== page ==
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23 May 2013

The rightwing consensus on shale gas is about to be torn apart

The prospect of a British shale gas revolution attracts broad support across the centre-right. As well it might do, because unlocking this potential resource bonanza would have major benefits.

For a start, the economy would benefit – a  home grown shale gas industry would undoubtedly  boost growth, certainly help with our balance of payments and quite possibly result in cheaper energy prices. Shale gas, both in Britain and/or on the continent,  would be good for energy security too, reducing European reliance on gas imports from Russia and the Middle East.

Sensible environmentalists also have reason to support shale – not only because it would mean less coal-fired power generation, but because – in the continuing absence of suitable energy storage system – flexible gas-fired generation is the only significant way of managing the variable output from renewables.

But as Geoffrey Lean reports in the Daily Telegraph, less sensible environmentalists not so happy:

  • “...in Lancashire – where fracking has stalled since causing minor earthquakes near Blackpool two years ago – campaigners from throughout Britain gathered for a bring-your-own-tent ‘Frack Camp’, two days of music, presentations, poetry and discussions on campaign strategy, fuelled by ‘freshly prepared vegan and vegetarian foods’.
  • “...In March, Greenpeace erected a fake drilling rig in George Osborne’s Cheshire constituency, and protests have even crossed the water to counties Fermanagh and Down.”

The deep green reaction has prompted a deep blue counter-reaction:

  • “Supporters fulminate against ‘green fanatics’, while the former Conservative deputy leader Peter Lilley... portrayed the much diminished environmental movement as ‘Big Green’, lamenting it had 'eclipsed' the power of Big Oil.”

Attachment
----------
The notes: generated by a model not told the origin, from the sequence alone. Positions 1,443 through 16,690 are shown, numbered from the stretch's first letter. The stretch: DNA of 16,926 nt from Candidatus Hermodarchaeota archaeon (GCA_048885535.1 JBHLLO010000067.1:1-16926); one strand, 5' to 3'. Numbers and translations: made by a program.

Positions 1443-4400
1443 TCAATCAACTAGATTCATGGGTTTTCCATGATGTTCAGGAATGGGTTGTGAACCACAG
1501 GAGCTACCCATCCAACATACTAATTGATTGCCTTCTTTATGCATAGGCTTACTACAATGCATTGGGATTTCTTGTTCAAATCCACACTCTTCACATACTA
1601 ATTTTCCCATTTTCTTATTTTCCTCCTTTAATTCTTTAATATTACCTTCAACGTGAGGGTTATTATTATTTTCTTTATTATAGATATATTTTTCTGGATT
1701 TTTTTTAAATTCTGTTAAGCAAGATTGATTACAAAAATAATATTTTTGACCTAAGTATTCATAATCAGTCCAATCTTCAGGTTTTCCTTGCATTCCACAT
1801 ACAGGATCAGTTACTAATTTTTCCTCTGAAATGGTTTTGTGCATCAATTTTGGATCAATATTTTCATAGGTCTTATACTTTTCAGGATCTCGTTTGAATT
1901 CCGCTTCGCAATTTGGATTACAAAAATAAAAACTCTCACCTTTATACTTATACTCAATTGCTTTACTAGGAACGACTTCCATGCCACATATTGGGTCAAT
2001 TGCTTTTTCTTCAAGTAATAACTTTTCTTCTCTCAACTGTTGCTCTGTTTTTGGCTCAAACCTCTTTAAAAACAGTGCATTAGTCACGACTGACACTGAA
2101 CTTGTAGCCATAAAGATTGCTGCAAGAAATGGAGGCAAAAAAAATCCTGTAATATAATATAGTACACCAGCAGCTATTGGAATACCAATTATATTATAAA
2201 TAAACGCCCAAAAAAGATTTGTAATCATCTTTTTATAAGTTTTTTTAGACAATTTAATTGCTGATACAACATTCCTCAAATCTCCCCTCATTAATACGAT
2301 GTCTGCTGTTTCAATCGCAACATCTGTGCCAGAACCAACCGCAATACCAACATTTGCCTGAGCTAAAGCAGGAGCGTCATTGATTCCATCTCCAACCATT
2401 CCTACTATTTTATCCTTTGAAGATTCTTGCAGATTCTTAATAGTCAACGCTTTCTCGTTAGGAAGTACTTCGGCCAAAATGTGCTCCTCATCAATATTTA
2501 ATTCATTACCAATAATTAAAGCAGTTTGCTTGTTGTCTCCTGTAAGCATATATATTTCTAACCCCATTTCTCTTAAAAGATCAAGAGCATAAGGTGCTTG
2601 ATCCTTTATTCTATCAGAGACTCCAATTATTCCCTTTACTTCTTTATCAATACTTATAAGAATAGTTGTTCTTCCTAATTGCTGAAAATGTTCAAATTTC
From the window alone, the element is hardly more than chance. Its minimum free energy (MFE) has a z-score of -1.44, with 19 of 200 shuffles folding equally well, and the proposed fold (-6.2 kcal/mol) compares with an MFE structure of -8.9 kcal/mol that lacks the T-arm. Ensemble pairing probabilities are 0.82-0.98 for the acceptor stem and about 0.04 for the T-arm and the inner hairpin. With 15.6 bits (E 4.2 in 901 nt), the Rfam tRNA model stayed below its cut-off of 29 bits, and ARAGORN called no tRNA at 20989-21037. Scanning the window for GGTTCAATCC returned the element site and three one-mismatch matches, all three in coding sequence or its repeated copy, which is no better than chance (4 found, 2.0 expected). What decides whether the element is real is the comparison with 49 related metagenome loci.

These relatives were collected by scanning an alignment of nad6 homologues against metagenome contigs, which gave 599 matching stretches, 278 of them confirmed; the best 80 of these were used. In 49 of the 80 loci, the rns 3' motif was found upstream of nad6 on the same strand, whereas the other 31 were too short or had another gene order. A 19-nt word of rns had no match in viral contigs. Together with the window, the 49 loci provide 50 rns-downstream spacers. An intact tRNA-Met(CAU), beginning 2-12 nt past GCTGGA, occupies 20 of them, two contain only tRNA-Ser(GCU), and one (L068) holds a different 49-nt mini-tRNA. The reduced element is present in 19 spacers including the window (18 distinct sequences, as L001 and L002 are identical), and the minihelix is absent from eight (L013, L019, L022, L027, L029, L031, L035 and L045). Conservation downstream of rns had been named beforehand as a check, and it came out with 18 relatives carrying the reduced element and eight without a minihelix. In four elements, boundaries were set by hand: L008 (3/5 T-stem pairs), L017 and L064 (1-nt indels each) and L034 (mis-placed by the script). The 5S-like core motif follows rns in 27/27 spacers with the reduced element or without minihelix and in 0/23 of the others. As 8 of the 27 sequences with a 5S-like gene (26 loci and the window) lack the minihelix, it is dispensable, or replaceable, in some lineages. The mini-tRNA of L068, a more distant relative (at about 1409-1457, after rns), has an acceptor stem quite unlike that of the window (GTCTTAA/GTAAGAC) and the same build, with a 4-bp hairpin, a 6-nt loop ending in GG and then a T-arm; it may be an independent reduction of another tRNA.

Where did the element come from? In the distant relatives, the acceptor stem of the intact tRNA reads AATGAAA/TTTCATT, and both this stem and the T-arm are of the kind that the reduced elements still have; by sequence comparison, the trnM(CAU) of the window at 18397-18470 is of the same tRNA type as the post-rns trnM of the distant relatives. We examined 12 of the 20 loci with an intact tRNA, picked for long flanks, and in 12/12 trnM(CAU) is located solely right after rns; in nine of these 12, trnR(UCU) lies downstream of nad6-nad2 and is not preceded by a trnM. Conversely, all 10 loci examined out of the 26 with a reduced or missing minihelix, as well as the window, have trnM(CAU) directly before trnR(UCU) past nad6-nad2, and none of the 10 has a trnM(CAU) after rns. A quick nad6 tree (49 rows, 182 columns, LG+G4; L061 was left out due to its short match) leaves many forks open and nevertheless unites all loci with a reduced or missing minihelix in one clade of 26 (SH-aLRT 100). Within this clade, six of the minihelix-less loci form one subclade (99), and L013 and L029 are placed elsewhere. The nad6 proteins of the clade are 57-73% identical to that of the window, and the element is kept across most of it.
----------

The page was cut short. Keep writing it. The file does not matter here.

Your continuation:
Measured against the enormous power and influence of the oil and gas industry, talk of ‘big green’ is going too far. There simply aren’t enough hard-baked crusties to stop the development of shale gas. Nimbies, though, are a different matter – and they’re beginning to mobilise:

  • “In West Sussex, meanwhile, better-heeled residents of the Conservative heartland village of Balcombe are getting together more conventionally today to plan ‘peaceful protests’, after a shock announcement that ‘unobtrusive’ round-the-clock exploratory drilling for shale oil and gas will start next month. They will start by accumulating street-by-street petitions – 82 per cent of the villagers are opposed – but some unlikely revolutionaries are already talking of passive resistance. G4S, of Olympics security fame, is being hired just in case.”

Prominent supporters of shale gas like Peter Lilley would no doubt be aghast at any read across from anti-wind to anti-shale protests, but when you look at the potential local impact, shale begins to look like wind, only more so:

  • “Shale gas may well be more controversial even than wind turbines: one poll found that two thirds of Britons would prefer to live near a wind farm than fracking: only 11 per cent went the other way. And there would be lots of it… 10 wells are needed for every square mile and, as they deplete within a year, you have to keep on drilling. The industry hopes it can reduce the impact, but it’s hard to disagree with Tory MP Laura Sandys when she says that once battle is truly joined, windpower will look like ‘a walk in the park’.”

One might also add that whatever the disbenefits of wind turbines, they don’t pollute water sources nor do they cause earthquakes.

The risks of shale gas exploration can and should be manageable, but public opposition to such developments is not based on the cool calculation of cost-benefit analyses, but upon gut reaction (though some cool calculation of property price impacts may also feature).

To have the huge financial impact that its supporters hope for, shale gas must also have a huge physical presence across large swathes of rural England. Even if this physical presence is not a permanently damaging one, it will have political consequences – bigger than wind farms, bigger than HS2 and bigger, even, than greenfield housing development. 

So, for the centre-right, a challenge: Will we side with shale gas or side with the protestors? It will be especially interesting to see if the United Kingdom Independence Party stands up for the United Kingdom’s energy independence or whether it just goes for the protest vote. Cheap energy or cheap politics – your call, Nigel Farage.


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